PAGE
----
Photo 1/14 | Emissions Friendly Tuning Gmc Sierra On Dyno | emissions friendly tuning gmc sierra on dyno
Photo 2/14 | Emissions Friendly Tuning Gmc Sierra On Dyno | emissions friendly tuning gmc sierra on dyno
Photo 3/14 | Emissions Friendly Tuning Chevy Duramax Exhaust | Thanks to the efforts of companies like Calibrated Power Solutions, yanking the exhaust system off your brand-new Chevy or GMC doesn’t have to happen if you want more power. To date, none of the company’s testing has inhibited the DPF’s ability to regenerate, nor has it dramatically increased the soot accumulation rate. Nick Priegnitz, owner of Calibrated Power Solutions, remarked how nice it is to have a clean, strong-running truck that flies under the radar.
Photo 4/14 | Emissions Friendly Tuning Factory Pedal Position Tuning Numbers | The data on display in this photo should look confusing to most of you. Because EFILive doesn’t yet support the LML Duramax, Priegnitz uses a different brand of software (Alientech) to read the near-hack-proof EDC17 Bosch ECU on ’11 to present GMs, which comes out looking like this. Specifically, you’re seeing the factory pedal position to desired torque map pulled from the ECU of Priegnitz’s ’11 GMC Sierra Denali 2500 HD test truck.
Photo 5/14 | Emissions Friendly Tuning Pedal Position Map | After receiving several changes in a hex editor program, the pedal position map looks like this: very smooth and progressive. The areas shown here in red denote they’ve been edited, which means most of the map has been altered (i.e., improved) throughout the entire rpm range. Ever notice how stiff the accelerator pedal is in ’11 and newer GMs? This is the first thing Priegnitz addresses, calling for the engine to make more torque at lower rpm with less throttle input, yielding an eager, more street-friendly go-pedal. Once the revised maps were complete, Priegnitz uploaded them to the truck’s ECU via an EFILive Flashscan V2 device.
Photo 6/14 | Emissions Friendly Tuning Spade Duramax Programmer | Customers interested in tuning their LML will receive Calibrated Power Solutions’ SPADE programmer, which can hold five custom files (plus the stock one). We’re happy to report it only takes about a minute to change tunes with the SPADE, and it retails for $750. For the sake of comparison, $750 now gets you in the ballpark of 500 hp, whereas it would’ve cost you at least $5,000 to do the same with your LB7, LLY, LBZ—and, in many cases, your LMM—due to a transmission build being mandatory.
Photo 7/14 | Emissions Friendly Tuning Injection Timing Tuning | Other tuning tweaks will sound familiar to a lot of you. More injection timing and longer duration (pulse width) are key power-adders, but Priegnitz also reworks the boost table (shown) to account for the added fuel.
Photo 8/14 | Emissions Friendly Tuning Edge Cts Tuner | A Color Touch Screen (CTS) from Edge Products was used to monitor all vitals in Priegnitz’s ’11 Denali (boost, EGT, rail pressure). Notice the soot gauge at the bottom right of the CTS (arrow): This is something we paid a lot of attention to throughout our testing. Once the DPF accumulates 45 grams (g) of soot, the regeneration cycle, used to incinerate (clean out) the contents of the DPF, begins. In regen, the engine’s injection timing is retarded as much as 10 degrees, EGT increases, and fuel economy drops. Surprisingly, while testing out the Sport Economy tune on the highway, soot accumulation occurred no quicker than it did with the factory ECU calibration. This means you can use the extra 80 hp on tap without decreasing your mileage.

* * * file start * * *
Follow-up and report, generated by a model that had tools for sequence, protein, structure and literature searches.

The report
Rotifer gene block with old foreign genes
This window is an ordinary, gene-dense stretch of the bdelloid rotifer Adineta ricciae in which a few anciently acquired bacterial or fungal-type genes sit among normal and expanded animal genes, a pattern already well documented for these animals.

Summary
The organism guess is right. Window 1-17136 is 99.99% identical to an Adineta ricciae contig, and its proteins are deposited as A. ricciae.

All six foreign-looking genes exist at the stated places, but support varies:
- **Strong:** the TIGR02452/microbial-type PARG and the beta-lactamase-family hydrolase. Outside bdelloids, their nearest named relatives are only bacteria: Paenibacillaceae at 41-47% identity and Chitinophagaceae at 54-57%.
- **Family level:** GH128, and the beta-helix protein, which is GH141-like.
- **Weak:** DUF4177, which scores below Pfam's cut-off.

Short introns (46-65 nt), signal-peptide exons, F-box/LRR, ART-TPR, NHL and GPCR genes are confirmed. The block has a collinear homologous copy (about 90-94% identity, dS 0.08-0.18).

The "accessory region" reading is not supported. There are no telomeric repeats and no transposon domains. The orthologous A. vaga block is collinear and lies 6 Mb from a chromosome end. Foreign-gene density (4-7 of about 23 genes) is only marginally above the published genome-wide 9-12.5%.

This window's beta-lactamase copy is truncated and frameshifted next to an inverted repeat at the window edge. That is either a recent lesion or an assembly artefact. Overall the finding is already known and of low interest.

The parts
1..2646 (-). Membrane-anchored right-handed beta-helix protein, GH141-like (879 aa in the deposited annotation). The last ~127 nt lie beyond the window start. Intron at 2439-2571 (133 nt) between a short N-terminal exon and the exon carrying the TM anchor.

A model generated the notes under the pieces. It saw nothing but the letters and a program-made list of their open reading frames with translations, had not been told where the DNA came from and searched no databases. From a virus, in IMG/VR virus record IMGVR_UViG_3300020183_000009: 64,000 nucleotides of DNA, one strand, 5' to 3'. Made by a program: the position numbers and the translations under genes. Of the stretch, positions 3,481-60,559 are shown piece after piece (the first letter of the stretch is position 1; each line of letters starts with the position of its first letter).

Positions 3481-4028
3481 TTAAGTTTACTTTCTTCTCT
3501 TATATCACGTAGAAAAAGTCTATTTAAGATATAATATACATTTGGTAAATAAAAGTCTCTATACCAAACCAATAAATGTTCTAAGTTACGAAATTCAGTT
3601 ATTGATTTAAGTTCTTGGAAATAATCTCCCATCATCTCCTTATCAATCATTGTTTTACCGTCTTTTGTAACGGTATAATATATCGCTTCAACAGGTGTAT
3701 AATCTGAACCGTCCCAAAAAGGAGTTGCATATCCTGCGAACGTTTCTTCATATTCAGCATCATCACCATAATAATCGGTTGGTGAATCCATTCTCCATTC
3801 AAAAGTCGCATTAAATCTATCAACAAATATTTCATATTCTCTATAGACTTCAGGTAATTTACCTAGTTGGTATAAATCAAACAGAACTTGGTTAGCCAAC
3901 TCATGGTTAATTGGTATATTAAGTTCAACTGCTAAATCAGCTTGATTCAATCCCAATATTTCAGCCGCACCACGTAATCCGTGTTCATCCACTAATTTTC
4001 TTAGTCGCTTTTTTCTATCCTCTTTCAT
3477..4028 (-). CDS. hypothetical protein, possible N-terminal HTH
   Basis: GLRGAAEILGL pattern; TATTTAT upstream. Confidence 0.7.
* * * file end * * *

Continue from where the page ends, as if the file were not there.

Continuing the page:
Photo 9/14 | Emissions Friendly Tuning 2011 Gmc Sierra 2500 On Dyno | Calibrated Power Solutions’ 27,000-mile ’11 GMC Sierra Denali HD was used as the testbed for trying different tunes. All dyno runs were made on the company’s all-wheel-drive MD-500 load-cell Mustang chassis dyno, with the transmission in Fourth gear (1:1), and in timed, 7-second sweeps.
Photo 10/14 | Emissions Friendly Tuning Dyno Run Graph | We always thought the LML came underrated from the factory, and the 395hp number we saw in stock form on the dyno once again confirmed this. Peak boost checked in at 28 psi, EGT topped out at 1,190 degrees, and rail pressure held 29,000 psi.
Photo 11/14 | Emissions Friendly Tuning Sport Economy Tune Dyno Graph | The Sport Economy tune added almost 80 hp (bumping us up to 473 hp) and an extra 172 lb-ft of torque to the LML’s repertoire. Hardly creeping past what GM’s engineers call the EGT safe zone for the LML, 1,420 degrees was observed on the pyrometer. We saw 30 psi of boost, and rail pressure continued to hold steady at 29,000 psi. As mentioned before, this is the tune Priegnitz recommends for daily driving, as it makes good power yet doesn’t increase regen intervals.
Photo 12/14 | Emissions Friendly Tuning Race File Tune Dyno Graph | Building on the Sport Economy tune, the Race file threw another 20 hp and 48 lb-ft of torque into the mix, culminating in 493 hp and 951 lb-ft. Boost topped out at 31 pounds, EGT warmed to 1,550 degrees, and rail pressure stayed between 28,000 and 29,000 psi. Even though this tune knocks on the door of 500 hp, its timing advance is much more conservative than what you’d see in an LB7, LLY, LBZ, or LMM making the same power. And despite not having access to tune the TCM (transmission control module), the latest Allison 1000—which for ’11 came with a stronger, one-way clutch in the torque converter and added clutch capacity—is holding up fine so far.
Photo 13/14 | Emissions Friendly Tuning Fass Fuel System | The only modification (other than the tuning changes) made to the Denali was the addition of a 150-gph Titanium Series fuel system from FASS. For the record, a second ’11 LML-powered test truck dyno’d similar numbers without a lift pump, only giving up 10 hp on the biggest tune.